But Hewitt and his House counterpart, Rep. Richard DeBolt of Chehalis, both expressed worries that lawmakers might raise fees only to see the money swept into the general fund, essentially turning them into taxes.
Dozens of dedicated accounts have been swept as lawmakers have grappled with budget shortfalls.
Republican Rep. Gary Alexander of Thurston County plans to release his own alternative budget that bridges the entire gap without borrowing, issuing bonds, raiding special accounts or employing other “gimmicks.”
Alexander said he wants to eliminate the state’s Basic Heath Plan for low-income workers and the Disability Lifeline for people temporarily unable to work, and cut several other programs that he believes House budget chairman Ross Hunter is trying to spare.
“There’s five or six major issues that separate us in terms of principle and dollars,” he said.
The House GOP contends the programs are not affordable, while Sen. Brown and House Speaker Frank Chopp, D-Seattle, see Basic Health and the Disability Lifeline as key parts of the safety net.
Hunter, D-Medina, has been working to line up support for his proposal. If they can’t win over any Republicans, Democratic leaders would need to persuade at least 50 of their 56 members to vote for a budget full of cuts that many can’t stand.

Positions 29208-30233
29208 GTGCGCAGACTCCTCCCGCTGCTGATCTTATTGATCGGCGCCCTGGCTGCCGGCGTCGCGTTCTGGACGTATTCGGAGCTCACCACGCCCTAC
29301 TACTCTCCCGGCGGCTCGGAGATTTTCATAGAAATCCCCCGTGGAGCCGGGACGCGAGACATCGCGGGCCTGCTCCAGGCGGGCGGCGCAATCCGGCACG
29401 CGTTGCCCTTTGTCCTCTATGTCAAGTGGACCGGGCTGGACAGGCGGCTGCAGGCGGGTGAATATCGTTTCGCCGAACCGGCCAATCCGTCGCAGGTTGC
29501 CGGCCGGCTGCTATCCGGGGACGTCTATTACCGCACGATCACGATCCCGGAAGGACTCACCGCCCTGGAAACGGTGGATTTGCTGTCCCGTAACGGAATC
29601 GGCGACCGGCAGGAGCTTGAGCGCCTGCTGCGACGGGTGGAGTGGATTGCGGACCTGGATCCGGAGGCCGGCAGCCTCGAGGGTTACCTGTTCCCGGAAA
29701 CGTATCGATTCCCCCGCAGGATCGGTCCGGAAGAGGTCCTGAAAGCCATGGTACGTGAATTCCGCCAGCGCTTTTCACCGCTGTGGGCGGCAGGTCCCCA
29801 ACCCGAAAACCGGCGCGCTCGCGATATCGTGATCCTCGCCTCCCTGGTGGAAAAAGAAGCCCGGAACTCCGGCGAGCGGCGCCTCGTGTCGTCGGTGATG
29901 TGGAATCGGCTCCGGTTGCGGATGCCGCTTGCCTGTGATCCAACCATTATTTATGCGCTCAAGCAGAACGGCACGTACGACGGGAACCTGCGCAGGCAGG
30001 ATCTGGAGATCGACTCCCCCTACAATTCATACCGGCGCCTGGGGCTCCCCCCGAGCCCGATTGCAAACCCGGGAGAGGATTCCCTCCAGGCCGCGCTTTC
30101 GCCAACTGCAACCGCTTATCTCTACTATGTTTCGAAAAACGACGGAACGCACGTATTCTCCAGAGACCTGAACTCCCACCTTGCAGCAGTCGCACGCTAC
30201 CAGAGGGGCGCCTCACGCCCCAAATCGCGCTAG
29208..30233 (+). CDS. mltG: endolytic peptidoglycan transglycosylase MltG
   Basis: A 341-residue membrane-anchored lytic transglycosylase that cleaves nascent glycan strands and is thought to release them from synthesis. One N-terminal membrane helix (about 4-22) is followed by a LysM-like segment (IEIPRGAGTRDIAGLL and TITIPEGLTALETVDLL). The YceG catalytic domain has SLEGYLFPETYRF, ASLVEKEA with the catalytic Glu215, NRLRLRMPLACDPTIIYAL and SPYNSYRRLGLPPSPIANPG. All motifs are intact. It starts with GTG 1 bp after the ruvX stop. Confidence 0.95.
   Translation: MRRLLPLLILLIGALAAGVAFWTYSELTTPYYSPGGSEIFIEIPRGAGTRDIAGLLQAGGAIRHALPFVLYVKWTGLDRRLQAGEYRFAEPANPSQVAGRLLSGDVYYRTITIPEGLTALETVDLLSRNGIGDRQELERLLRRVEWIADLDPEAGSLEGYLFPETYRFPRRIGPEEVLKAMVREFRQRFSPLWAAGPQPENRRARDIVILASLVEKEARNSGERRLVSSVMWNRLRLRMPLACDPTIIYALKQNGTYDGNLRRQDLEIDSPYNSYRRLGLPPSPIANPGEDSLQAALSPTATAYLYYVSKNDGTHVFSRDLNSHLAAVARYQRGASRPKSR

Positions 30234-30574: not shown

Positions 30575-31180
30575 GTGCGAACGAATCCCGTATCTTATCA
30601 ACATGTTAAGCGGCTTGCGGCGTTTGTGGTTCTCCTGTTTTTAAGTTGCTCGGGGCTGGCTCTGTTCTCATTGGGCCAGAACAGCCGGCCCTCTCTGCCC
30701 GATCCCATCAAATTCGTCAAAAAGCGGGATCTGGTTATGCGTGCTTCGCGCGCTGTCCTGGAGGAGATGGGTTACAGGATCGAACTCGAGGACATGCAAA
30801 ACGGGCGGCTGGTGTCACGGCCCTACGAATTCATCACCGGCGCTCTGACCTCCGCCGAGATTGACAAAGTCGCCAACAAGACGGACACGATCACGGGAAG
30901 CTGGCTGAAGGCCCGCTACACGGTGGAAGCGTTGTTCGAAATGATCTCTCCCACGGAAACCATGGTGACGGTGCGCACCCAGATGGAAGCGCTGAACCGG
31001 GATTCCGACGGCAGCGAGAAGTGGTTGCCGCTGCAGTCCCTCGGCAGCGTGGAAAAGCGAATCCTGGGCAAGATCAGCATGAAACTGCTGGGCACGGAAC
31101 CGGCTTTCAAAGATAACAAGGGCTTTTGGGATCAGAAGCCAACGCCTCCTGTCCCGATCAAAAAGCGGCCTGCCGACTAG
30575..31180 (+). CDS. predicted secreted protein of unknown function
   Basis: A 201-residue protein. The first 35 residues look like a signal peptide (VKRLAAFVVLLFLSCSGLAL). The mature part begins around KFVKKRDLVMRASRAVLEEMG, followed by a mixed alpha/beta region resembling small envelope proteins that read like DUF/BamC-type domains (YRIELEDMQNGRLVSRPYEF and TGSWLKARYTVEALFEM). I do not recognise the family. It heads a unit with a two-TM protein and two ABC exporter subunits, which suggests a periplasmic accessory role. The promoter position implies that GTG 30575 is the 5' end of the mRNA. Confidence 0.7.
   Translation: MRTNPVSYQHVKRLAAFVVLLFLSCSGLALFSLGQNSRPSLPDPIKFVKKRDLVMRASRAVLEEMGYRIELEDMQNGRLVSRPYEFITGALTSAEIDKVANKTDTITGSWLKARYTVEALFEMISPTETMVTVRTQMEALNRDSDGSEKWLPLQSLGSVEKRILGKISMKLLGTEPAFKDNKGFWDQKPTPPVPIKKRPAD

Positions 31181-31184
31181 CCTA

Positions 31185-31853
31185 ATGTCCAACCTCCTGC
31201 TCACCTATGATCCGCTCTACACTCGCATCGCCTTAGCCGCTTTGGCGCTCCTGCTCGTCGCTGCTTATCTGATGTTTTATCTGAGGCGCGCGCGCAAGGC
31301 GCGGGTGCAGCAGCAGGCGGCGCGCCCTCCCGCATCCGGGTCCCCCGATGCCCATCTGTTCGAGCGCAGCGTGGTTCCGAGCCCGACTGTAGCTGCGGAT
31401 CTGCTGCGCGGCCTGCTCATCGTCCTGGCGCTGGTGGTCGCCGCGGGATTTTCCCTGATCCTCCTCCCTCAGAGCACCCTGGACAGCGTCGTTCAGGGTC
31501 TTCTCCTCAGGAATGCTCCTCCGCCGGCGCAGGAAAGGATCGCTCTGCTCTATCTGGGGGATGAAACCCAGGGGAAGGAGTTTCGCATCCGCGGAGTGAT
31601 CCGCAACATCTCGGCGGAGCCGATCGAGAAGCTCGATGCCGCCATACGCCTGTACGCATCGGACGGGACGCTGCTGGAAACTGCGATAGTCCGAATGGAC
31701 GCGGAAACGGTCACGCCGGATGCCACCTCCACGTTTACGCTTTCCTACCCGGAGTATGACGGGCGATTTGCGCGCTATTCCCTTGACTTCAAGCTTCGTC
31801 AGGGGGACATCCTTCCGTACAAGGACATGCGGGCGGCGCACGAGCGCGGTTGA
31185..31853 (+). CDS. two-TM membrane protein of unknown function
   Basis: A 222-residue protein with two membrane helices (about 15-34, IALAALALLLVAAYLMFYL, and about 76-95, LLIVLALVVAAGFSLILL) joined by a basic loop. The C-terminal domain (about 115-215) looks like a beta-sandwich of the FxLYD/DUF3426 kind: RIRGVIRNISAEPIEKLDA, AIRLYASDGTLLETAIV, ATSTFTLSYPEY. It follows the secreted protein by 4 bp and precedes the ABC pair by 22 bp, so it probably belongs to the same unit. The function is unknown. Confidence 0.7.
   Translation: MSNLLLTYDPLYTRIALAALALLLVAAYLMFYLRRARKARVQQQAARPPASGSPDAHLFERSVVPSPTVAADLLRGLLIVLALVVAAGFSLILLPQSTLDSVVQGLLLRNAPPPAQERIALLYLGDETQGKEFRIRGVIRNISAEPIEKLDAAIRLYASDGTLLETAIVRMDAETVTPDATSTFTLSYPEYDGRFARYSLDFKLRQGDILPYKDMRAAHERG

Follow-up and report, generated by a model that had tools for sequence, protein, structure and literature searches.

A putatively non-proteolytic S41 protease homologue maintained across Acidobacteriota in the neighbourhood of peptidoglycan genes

A House floor vote on the budget could come late in the week or on the weekend.
“I figure the first thing that will happen is each of us on the Ways and Means Committee will be besieged by people who want amendments to save their item. There is no way to do it without taking from somebody else,” Democratic Rep. Sam Hunt of Olympia predicted. “It’s going to be terrible. It’s going to be a hold-your-nose-and-vote” ordeal.
Hunt said he welcomes the protests urging more tax revenue, which he has backed all along.
“I say the more pressure, the better,” he said.
With so few apparent options, some lawmakers have begun pitching new versions of ideas rejected in the past. One idea is selling or leasing out operation of the state’s liquor-distribution system to a private, for-profit firm. Another is expanding tribal-style video slot machines into nontribal card rooms.
“We are goring vital programs. So if everything is on the table, then let us have a good debate whether an expansion of gaming is a viable option for us,” Rep. Chris Reykdal, a Tumwater Democrat, said after signing on to the gambling bill.
Moxee Republican Rep. David Taylor’s House Bill 2044 would let up to 65 private-sector house-banked card rooms – like those at Lacey’s Hawks Prairie or at minicasinos in Lakewood – install up to 200 video slot machines apiece.
Alexander said the proposal could expand jobs. Democrats including Rep. Kathy Haigh of Shelton and Steve Kirby of Tacoma also signed on. But Brown said the Senate budget proposal wouldn’t lean on new gambling revenue. There isn’t enough support in the Senate to achieve the super-majority it would take to expand gambling, she said.
In the Senate, both parties are trying to hash out a budget compromise that could come out a week after the House’s.
One sign of how difficult it could be for House Democrats to unite on a budget came Friday as lawmakers deadlocked on government-consolidation proposals.
A vote was delayed until Wednesday after Democrats in the state government committee chaired by Hunt couldn’t agree on whether to merge ethics and elections watchdogs, and history and arts agencies.
Brad Shannon: 360-753-1688